The Arts

Lions and Lambs: On the music scene this spring

Gerry Blackwell
Written by Gerry Blackwell

Spring is around the corner, London. Truly it is. And with it comes some great music. The Dixie Chicks are here,The Lumineers, Tom Cochrane, the Gypsy Kumbia Orchestra … Wait, gypsy who?

March enters like a lion, with latter-day punkers Simple Plan playing London Music Hall, Saturday the 11th (7 p.m., no prices yet). They’re touring their fifth studio album, Taking One For The Team, with its cool cover shot of the lads dressed as punk athletes. Expect a high-energy win.

If you’re craving something a little more traditional, Clan Hannigan is at the Cuckoo’s Nest Folk Club (Chaucer’s Pub) on Sunday, March 12 (7:30 p.m.,$20/$25). Clan Hannigan is Steafan Hannigan, partner Saskia Tomkins and their three kids. The Cobourg-based outfit plays “mostly” Celtic music, the girls Irish-dance, they all play instruments. They have a ball.

With the London Knights out of town, Budweiser Gardens sets up a mid-March musical hat trick.
On Saturday, March 18, it’s country star Chris Stapleton, on his first Canadian tour since releasing Traveller, his Grammy-winning debut album. Stapleton was already a songwriter (six #1 hits), bandsman (SteelDrivers) and session musician. Now he’s a mega solo star. Nashville-based Canadian singer-songwriter Lindi Ortega opens (7:30 p.m., $52-$72).

Multiple-Grammy-winning Hall of Famers Green Day play the Bud on Sunday, March 19 (8:00 p.m., $41.50-$87.50) — another dose of punk to wake you from your winter lethargy. They’re touring Revolution Radio, released in October. The LA Times called it “a barnstormer of a new punk record,”USA Today, “a bracing return to form.” ’Nuff said?

Finally, indie-folk trio The Lumineers play the Knight’s barn, Wednesday, March 22 (7:00 p.m., $37.50-$74.50). Have a listen to their second studio album, Cleopatra, released last April (goo.gl/p0CfEU). It’s infectious, poignant … luminous.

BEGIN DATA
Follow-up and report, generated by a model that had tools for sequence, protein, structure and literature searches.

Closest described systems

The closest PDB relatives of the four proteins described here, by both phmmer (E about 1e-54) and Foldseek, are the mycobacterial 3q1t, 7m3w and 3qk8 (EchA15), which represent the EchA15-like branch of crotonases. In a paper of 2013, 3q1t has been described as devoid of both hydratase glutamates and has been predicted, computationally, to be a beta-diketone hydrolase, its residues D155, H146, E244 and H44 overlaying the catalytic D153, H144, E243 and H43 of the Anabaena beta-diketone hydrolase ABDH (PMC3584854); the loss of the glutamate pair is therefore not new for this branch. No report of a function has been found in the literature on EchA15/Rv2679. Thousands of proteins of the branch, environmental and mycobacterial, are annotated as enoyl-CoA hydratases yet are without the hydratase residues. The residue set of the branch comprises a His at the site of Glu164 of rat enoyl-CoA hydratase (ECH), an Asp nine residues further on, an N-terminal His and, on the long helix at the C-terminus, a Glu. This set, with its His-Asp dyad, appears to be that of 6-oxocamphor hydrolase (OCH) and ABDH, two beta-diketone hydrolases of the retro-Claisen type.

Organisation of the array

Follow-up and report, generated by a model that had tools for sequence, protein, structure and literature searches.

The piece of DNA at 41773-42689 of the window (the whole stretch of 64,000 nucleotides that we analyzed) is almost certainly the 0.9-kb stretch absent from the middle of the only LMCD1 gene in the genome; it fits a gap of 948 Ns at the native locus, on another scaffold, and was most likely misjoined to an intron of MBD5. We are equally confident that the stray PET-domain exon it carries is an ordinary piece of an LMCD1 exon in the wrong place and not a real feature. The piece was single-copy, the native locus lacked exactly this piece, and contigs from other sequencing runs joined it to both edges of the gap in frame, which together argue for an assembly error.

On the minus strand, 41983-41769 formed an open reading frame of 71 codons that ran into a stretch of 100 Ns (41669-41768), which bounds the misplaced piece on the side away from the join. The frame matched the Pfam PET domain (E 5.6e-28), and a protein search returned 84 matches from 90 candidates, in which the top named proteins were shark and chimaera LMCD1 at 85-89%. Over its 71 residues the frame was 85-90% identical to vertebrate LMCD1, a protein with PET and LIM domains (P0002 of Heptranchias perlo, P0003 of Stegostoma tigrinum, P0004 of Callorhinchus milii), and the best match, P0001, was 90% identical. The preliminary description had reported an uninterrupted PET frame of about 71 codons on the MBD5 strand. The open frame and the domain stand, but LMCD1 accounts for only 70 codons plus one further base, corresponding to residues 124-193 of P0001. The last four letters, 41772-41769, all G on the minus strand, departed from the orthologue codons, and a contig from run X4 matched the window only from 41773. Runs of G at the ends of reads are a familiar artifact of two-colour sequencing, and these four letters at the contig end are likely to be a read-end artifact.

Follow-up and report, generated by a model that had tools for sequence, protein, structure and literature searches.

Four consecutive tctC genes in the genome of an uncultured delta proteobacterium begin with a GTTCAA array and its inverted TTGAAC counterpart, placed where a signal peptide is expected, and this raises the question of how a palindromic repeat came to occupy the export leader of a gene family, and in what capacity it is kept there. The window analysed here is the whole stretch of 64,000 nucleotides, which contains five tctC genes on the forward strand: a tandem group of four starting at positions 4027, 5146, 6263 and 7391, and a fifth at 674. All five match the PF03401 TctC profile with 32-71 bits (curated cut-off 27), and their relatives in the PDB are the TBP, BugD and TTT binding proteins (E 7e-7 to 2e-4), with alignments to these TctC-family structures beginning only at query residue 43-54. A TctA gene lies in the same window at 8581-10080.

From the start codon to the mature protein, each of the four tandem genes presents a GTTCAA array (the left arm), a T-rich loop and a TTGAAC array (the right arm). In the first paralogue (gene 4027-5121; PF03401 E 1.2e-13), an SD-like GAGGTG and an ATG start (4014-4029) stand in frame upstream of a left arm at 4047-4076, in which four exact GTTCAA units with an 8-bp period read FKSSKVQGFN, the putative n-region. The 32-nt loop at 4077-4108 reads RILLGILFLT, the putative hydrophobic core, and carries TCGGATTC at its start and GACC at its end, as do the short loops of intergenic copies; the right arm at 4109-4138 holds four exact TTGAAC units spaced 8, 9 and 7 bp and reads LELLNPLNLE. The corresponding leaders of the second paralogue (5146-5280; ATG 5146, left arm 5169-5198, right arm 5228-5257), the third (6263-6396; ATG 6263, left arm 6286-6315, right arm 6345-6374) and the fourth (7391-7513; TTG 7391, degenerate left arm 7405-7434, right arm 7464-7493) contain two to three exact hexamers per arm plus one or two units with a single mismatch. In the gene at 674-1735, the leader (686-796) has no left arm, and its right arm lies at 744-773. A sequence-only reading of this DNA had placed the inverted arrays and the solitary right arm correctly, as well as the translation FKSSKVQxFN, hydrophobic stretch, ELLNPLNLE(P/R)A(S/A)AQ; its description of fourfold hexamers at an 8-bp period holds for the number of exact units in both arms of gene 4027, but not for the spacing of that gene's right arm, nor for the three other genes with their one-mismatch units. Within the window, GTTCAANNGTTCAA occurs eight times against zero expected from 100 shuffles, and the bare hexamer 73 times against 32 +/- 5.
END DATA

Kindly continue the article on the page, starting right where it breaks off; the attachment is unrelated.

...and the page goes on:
For a dose of sweet-and-funny, catch harmonizing folk duo Dala at Aeolian Hall on March 24 (7 p.m./8 p.m., $25/$30). The duo — childhood besties Amanda Walther and Sheila Carabin from Scarborough — sing like angels and go for the giggles between songs. They were great fun at Home County a couple of years ago.

Still in a folky vein, London Music Club offers up Australian newcomer Daniel Champagne, Friday March 24 (8 p.m./8:30 p.m., $12/$15). A songwriter and “unique guitar virtuoso,” Champagne is a big deal at home. Now he’s on a world tour with his album, The Heartland Hurricanes. Your chance to see the next Nick Cave?

Revival House in Stratford continues its Friday-night dinner-and-concert series. The Small Glories — Cara Luft (late of the Wailin’ Jennies) and JD Edwards –are there on March 24. Minstrel Craig Cardiff is in on April 7. Then it’s American singer-songwriter Joe Crookson, with Toronto-based husband-and-wife folk duo The Young Novelists, on April 28. ($25 concerts only, $35 with dinner.)

March does not go out like a lamb. Not with vintage rocker Tom Cochrane and his Mad Mad World Tour playing Kitchener’s Centre in the Square, Tuesday March 28 (8 p.m., $39.50-$79.50). Cochrane released his iconic Mad Mad World album 25 years ago. To mark its quarter-century, he’s touring with his old band, Red Rider, playing the entire album live. A fan’s delight.

For jazz buffs, it’s slim pickings this spring (so far). Except for good ol’ Jazz For The People. It keeps chugging along with its series of free concerts at the Wolf Performance Hall (Central Library). London vocalist Laurraine Segouin and The Ken Foster Quartet appear Wednesday, March 29 at 7:15 p.m. Then on April 26, it’s Group of Seven, another London outfit. Did we mention it’s free?

Bill and Joel Plaskett

Country fans will want to head to Brantford on March 29 (about 70 minutes away.) The Sanderson Centre has country darling Terri Clark, a multiple Juno and CCMA award winner, and the only Canadian regular at the Grand Ol’ Opry (8:00 p.m., $46/$56). Clark, with hits such as “Better Things To Do,” “Poor Poor Pitiful Me,” “and “Northern Girl,” is a certified Big Deal in country and her opening act, Jessica Mitchell, is an exciting up-and-comer. Definitely worth the drive.

Here’s an interesting concept: father and son duo Bill and Joel Plaskett. Joel, the alt-rocker familiar to CBC radio listeners and aficionados of his band Emergency, teams up with one of his biggest musical influences, Dad. They’re everywhere this spring, promoting their Solidarity CD. Catch them at Aeolian Hall April 12 and 13, with guests the Mayhemingways (7 p.m./8 p.m., $30/$35). Or Thursday, May 4 at Dominion Telegraph in Paris, Ontario (7:00 p.m., $45). Or May 5 at Bayfield Town Hall (7:00 p.m., $39.55).

Gypsy Kumbia Orchestra

High-energy all-girl alt country band the Dixie Chicks hits the Bud on Tuesday, April 18 (7:30 p.m., $71-$141). We’re wondering what the Chicks have to say about the Donald. If they were “ashamed” of George W. Bush, what must they think of Trump?

And finally, yes, Gypsy Kumbia Orchestra: Saturday, May 13 at Aeolian Hall (7 p.m./8 p.m., $25/$30.)Who are they? Imagine a mash-up of Afro-Caribbean, Balkan brass and Roma fiddles, with dancing, colourful costumes and energy overload. That’s GKO — definitely not your average orchestra.

About the author

Gerry Blackwell

Gerry Blackwell

Gerry Blackwell is a London-based freelance writer.